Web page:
Technology, Economics, And Governance News Roundup | March 18 - April 1

Friday, April 1, 2022

A weekly digest of the latest news and research related to the work of the Technology, Economics, and Governance Working Group. Topics covered in the digest include cybersecurity, domestic regulation, innovation, international competition, social media disinformation, and the California exodus.

We’re back after spring break! This week’s roundup reviews Russian and North Korean missile claims, Putin’s misguided tactics in Ukraine and possible cyber threats to the US, and recommendations for countering Chinese gray zone activities. Additionally, antitrust legislation continues moving forward in the EU and the US, DARPA looks to AI to help triage casualties on the battlefield, Toronto rivals US tech hub contenders, and analysts assess DoD’s progress countering extremism from within. 

Industrial Policy, International Competition, and Cooperation

Putin Doesn’t Realize How Much Warfare Has Changed | The Atlantic

Moscow’s reliance on tanks and heavy guns during its invasion of Ukraine represents a failure to learn from history. Outdated tactics have left armored units vulnerable and poor planning alongside institutional corruption has undermined Russian forces’ logistics support and communications systems. If morale continues to drop among Russian units, a military collapse could force Putin into an unexpected withdrawal.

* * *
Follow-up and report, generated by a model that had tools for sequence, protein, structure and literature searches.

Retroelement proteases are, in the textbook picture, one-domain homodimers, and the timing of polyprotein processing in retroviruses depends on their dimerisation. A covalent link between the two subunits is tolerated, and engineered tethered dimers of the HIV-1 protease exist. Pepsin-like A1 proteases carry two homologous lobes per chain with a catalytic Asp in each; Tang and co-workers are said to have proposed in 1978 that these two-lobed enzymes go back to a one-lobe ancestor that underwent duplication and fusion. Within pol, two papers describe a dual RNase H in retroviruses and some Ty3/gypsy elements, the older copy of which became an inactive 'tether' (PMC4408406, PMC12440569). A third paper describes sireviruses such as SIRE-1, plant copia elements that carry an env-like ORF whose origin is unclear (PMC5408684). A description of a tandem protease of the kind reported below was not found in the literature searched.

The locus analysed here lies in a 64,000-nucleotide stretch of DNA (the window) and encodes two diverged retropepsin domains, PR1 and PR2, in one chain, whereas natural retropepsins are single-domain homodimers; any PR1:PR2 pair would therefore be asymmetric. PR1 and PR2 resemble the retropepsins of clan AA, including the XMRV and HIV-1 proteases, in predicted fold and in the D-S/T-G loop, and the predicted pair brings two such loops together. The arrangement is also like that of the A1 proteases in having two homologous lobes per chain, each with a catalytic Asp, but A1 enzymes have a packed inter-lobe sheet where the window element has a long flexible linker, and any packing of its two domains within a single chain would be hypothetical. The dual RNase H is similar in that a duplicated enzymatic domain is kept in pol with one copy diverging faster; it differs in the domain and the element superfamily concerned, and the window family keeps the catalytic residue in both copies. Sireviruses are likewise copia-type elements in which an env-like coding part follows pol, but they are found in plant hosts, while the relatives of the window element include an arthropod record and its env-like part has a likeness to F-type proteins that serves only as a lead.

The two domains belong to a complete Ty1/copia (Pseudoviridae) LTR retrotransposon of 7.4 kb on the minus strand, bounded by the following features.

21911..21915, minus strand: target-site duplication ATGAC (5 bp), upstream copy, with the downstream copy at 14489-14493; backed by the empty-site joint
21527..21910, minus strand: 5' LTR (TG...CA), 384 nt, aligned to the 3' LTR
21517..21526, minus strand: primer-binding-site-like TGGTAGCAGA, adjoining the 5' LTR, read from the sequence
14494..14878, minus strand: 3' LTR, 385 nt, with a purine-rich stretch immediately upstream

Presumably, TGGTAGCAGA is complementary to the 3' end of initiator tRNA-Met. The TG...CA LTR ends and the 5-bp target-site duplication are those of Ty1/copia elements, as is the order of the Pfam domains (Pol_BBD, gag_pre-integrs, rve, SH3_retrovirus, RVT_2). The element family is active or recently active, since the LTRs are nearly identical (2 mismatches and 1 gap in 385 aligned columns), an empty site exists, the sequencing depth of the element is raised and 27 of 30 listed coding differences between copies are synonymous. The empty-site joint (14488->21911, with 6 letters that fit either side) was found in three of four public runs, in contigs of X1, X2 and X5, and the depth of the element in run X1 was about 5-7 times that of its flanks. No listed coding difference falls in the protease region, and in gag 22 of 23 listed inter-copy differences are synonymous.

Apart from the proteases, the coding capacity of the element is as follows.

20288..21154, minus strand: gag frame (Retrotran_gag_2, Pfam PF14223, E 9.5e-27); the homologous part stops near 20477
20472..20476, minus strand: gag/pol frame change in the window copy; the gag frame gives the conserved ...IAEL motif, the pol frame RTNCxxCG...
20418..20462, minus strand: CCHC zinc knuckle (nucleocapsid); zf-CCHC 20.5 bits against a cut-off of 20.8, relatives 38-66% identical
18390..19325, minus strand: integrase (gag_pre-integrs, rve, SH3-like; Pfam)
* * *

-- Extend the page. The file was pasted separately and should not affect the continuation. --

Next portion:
Russia claims to use a hypersonic missile in attack on arms depot in Ukraine. | The New York Times

Russia recently reported that it launched a hypersonic missile in an attack on a Ukrainian ammunition depot. Although Moscow’s claim was not verified by external sources, the launch would represent the first combat use of a hypersonic weapon—a missile capable of flying faster than Mach 5. The United States, China, and Russia have been competing to develop hypersonic weapons for over a decade. The speed of the missiles and their capacity to deliver nuclear warheads is of particular concern to the Pentagon, which is tracking missiles fired by Russian forces in Ukraine.

Seoul: N. Korea fired old ICBM, not new big one, last week | The Hill

South Korean officials denied reports by North Korean state media that Pyongyang tested a Hwasong-17 missile last Thursday, claiming that the missile was actually the older Hwasong-15, first launched in 2017. Although the missile flew higher and longer than any previous North Korean test, Seoul says that it may have carried a lighter payload to deceive observers.

A New Framework for Understanding and Countering China's Gray Zone Tactics | RAND Corporation

Beijing has embraced gray zone tactics—coercive actions that fall below the threshold of war—as a key means of power projection in the Indo-Pacific. Researchers from the RAND Corporation developed a policy framework for American decision makers to respond to China’s aggression. Their recommendations emphasize the importance of opening gray zone scenario discussions with key allies, identifying China’s most-problematic tactics, and developing operational gray zone response plans that cover more-escalatory scenarios.

Domestic Regulation

U.S. slow to respond to EU’s landmark tech regulation | Politico